In this discussion I argued based on the idea, that, using your words, "If we understand the team as a self organizing team - the team is not in need of enlightenment or education. The team is the expert. The team do not need to learn a new game or new rules; the persons forming the team simply got entangled in their own rules. They need only to play with their own rules, within their own game, to disentangle themselves."

And as responses I received:

"We are experienced practitioners in the roles of "Scrum Coaches" or "Scrum Masters" for many, many years ... and we have collected so many "Does and Don't s" how to bring Scrum to work ... the customers are paing us for this experiences!"

And:

"If the persons in a team needs only to play with their own rules, within their own game, to disentangle themselves - what is MY contribution to that as a "Scrum Coach" or "Scrum Master" which is worth enough to be paid??"

So, my questions is, what can we offer such "Scrum Coaches" or "Scrum Masters" to contribute INSTEAD "to train" the team in the role of an "expert"? What are those contributions a customer is very willing to pay EUR 600 or more per day???

Badge

Loading…

Notes

Jumpstart into Solution Focus

You want to learn more about "Solution Focus"?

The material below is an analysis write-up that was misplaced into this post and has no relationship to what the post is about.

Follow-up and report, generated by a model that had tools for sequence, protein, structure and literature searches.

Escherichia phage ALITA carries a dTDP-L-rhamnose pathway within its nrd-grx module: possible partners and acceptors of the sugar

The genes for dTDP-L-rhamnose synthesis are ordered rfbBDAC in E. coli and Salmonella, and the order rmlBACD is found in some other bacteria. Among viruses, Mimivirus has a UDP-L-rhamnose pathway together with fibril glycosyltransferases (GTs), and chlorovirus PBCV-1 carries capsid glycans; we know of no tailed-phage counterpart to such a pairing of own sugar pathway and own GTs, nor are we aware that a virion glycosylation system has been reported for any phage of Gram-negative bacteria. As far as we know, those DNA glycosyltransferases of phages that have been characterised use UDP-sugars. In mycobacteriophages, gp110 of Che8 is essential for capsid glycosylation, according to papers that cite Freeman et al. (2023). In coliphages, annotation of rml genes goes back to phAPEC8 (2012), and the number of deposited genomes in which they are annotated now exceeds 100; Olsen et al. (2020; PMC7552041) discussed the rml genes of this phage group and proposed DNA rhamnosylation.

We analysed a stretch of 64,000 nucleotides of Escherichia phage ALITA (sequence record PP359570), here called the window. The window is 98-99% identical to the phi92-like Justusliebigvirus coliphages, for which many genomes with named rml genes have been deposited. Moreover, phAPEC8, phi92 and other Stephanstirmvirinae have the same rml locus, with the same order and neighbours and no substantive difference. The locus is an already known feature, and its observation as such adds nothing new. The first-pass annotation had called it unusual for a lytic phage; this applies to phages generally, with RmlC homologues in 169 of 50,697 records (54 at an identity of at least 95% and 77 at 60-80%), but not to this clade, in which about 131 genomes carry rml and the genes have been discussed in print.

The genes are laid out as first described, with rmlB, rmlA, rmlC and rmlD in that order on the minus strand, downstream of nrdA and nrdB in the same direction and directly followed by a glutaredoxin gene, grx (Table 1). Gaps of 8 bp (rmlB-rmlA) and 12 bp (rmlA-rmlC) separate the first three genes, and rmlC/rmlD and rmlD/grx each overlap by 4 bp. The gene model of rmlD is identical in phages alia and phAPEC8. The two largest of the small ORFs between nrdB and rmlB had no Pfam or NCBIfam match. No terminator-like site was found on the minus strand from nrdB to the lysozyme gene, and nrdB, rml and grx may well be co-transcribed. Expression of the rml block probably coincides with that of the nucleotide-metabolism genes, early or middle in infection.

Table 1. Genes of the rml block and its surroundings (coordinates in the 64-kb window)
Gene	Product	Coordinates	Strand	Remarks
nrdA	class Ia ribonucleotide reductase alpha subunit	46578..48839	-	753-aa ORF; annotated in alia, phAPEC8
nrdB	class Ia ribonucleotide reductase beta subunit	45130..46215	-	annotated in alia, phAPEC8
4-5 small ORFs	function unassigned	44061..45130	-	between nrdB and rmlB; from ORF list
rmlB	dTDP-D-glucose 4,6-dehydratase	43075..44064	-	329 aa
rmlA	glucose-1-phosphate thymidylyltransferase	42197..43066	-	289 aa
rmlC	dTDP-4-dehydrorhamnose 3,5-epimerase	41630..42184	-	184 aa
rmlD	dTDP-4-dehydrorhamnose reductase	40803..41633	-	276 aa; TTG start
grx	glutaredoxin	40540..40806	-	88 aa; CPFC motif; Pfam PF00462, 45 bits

You prefer a "step by step" introduction instead to start with reading some
voluminous books?

You would appreciate to have a complete "helicopter view" on SF after the first step…

Continue

Created by Hans-Peter Korn Dec 25, 2009 at 10:25am. Last updated by Mark McKergow Nov 3, 2014.

Making the most of SOLWorld.ning.com

If you’ve just arrived at SOLWorld.org (the SOLWorld ning group), you may be looking at all the features and wondering where to start.  This note might be helpful…

 …

Continue

Created by Mark McKergow Jun 3, 2008 at 4:55pm. Last updated by Jesper H Christiansen Aug 22, 2017.

Open Space at SOLworld conferences

SOLworld Open Space instructions as it was used at the 2011 conference, by Mark McKergow

Continue

Created by Katalin Hankovszky Dec 30, 2015 at 10:18pm. Last updated by Katalin Hankovszky Dec 30, 2015.

SOLWorld Resources

Welcome to the SOLWorld Resources section.  This part of the site features information about the SOLWorld network, our past events and materials from our previous website.  It will take some time to update all the information, so thanks for your patience. 

Information in this part of the site is 'read-only'.  If you want to start discussions, please go to the Forum or Groups. …

Continue

Created by Mark McKergow May 12, 2008 at 4:08pm. Last updated by Hans-Peter Korn Dec 25, 2009.

© 2018   Created by Mark McKergow.   Powered by

Badges  |  Report an Issue  |  Terms of Service